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United States Department of Agriculture

Agricultural Research Service

Research Project: ABSORPTION AND METABOLISM OF ESSENTIAL MINERAL NUTRIENTS IN CHILDREN Title: Low zinc status and absorption exist in infants with jejunostomies or ileostomies which persists after intestinal repair

Authors
item Balay, Kimberly -
item Hawthorne, Keli -
item Hicks, Penni -
item Chen, Zhensheng -
item Griffin, Ian -
item Abrams, Steven -

Submitted to: Nutrients
Publication Type: Peer Reviewed Journal
Publication Acceptance Date: September 5, 2012
Publication Date: September 12, 2012
Citation: Balay, K.S., Hawthorne, K.M., Hicks, P.D., Chen, Z., Griffin, I.J., Abrams, S.A. 2012. Low zinc status and absorption exist in infants with jejunostomies or ileostomies which persists after intestinal repair. Nutrients. 4:1273-1281.

Interpretive Summary: There is very little data regarding trace mineral nutrition in infants with small intestinal ostomies, which are bags in the skin where stool is diverted when the intestines are damaged. We evaluated 14 infants with one ostomy to measure their zinc absorption and biochemical zinc and copper status. Zinc absorption was measured using a safe stable isotope technique. We found biochemical evidence of deficiencies of both zinc and copper in infants with small intestinal ostomies at both time points. Our data demonstrate that infants with an ostomy are at high risk for zinc and copper deficiency before and after intestinal reanastamosis. Additional supplementation, especially of zinc, should be considered during this time period.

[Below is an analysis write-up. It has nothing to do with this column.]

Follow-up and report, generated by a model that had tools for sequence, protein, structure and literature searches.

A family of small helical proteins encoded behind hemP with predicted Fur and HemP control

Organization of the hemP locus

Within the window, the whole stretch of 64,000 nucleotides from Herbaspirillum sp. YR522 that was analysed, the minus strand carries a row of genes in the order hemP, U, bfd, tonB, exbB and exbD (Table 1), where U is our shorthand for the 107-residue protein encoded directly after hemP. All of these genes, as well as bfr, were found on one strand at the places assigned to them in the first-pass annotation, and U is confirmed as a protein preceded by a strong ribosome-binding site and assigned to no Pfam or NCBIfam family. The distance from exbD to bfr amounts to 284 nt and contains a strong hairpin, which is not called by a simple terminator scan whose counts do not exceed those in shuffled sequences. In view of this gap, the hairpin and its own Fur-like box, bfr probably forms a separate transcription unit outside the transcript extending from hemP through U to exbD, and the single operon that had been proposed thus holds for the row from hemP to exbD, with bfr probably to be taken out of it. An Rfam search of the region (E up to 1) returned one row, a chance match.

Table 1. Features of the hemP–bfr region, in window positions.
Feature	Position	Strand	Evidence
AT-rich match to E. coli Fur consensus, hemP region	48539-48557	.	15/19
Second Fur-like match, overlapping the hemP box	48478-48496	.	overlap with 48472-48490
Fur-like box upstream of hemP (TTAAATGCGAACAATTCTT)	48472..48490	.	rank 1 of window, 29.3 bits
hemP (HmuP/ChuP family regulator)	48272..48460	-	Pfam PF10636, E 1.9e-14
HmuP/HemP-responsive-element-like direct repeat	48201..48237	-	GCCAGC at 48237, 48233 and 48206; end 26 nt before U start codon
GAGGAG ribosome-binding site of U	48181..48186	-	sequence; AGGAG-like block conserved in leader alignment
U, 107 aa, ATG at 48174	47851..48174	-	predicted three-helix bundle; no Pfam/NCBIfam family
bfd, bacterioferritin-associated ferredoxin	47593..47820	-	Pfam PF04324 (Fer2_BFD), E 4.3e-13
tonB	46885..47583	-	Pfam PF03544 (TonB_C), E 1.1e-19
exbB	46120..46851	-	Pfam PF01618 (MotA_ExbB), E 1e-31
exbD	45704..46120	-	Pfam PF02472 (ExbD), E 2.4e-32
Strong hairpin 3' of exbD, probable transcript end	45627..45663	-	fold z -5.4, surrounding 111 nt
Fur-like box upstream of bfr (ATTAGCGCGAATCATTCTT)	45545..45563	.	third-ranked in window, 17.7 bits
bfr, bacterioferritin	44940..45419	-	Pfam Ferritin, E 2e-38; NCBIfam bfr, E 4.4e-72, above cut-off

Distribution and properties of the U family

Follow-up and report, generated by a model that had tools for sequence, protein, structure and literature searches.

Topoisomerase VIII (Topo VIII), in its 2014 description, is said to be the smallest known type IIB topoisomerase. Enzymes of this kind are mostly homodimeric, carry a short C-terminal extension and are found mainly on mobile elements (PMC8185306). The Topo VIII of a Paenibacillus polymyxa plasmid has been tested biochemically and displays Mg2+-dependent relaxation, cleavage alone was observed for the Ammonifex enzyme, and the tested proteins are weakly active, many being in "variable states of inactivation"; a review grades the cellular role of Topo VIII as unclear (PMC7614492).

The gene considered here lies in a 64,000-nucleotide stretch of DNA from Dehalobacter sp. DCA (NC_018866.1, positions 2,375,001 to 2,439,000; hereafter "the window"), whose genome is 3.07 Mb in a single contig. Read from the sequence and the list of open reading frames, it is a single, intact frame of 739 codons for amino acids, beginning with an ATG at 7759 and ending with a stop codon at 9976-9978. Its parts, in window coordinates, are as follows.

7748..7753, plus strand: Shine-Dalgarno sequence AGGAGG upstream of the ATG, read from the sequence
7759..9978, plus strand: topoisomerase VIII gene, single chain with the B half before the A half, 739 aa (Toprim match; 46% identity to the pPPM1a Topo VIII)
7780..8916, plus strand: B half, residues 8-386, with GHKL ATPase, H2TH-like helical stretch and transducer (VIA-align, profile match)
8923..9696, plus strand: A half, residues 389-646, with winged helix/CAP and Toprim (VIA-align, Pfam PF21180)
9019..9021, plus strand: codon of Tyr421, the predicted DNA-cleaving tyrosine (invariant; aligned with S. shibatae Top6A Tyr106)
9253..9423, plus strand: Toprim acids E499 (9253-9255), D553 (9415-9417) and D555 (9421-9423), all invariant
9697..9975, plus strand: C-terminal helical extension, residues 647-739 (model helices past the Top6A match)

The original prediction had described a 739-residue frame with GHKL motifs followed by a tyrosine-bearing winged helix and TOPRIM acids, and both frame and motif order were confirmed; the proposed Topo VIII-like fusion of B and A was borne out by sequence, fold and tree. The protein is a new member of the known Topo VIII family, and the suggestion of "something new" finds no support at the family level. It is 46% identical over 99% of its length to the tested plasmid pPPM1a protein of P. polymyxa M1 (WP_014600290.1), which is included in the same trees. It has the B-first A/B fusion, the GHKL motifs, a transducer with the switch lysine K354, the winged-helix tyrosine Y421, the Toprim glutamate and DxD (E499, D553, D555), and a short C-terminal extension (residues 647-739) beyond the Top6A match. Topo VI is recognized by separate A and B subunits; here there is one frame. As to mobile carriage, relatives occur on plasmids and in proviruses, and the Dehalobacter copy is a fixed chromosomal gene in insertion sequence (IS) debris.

Technical Abstract: There is very little data regarding trace mineral nutrition in infants with small intestinal ostomies. Here we evaluated 14 infants with jejunal or ileal ostomies to measure their zinc absorption and retention and biochemical zinc and copper status. Zinc absorption was measured using a dual-tracer stable isotope technique at two different time points when possible. The first study was conducted when the subject was receiving maximal tolerated feeds enterally while the ostomy remained in place. A second study was performed as soon as feasible after full feeds were achieved after intestinal repair. We found biochemical evidence of deficiencies of both zinc and copper in infants with small intestinal ostomies at both time points. Fractional zinc absorption with an ostomy in place was 10.9% +/- 5.3%. After reanastamosis, fractional zinc absorption was 9.4% +/- 5.7%. Net zinc balance was negative prior to reanastamosis. In conclusion, our data demonstrate that infants with a jejunostomy or ileostomy are at high risk for zinc and copper deficiency before and after intestinal reanastamosis. Additional supplementation, especially of zinc, should be considered during this time period.

Last Modified: 10/20/2014
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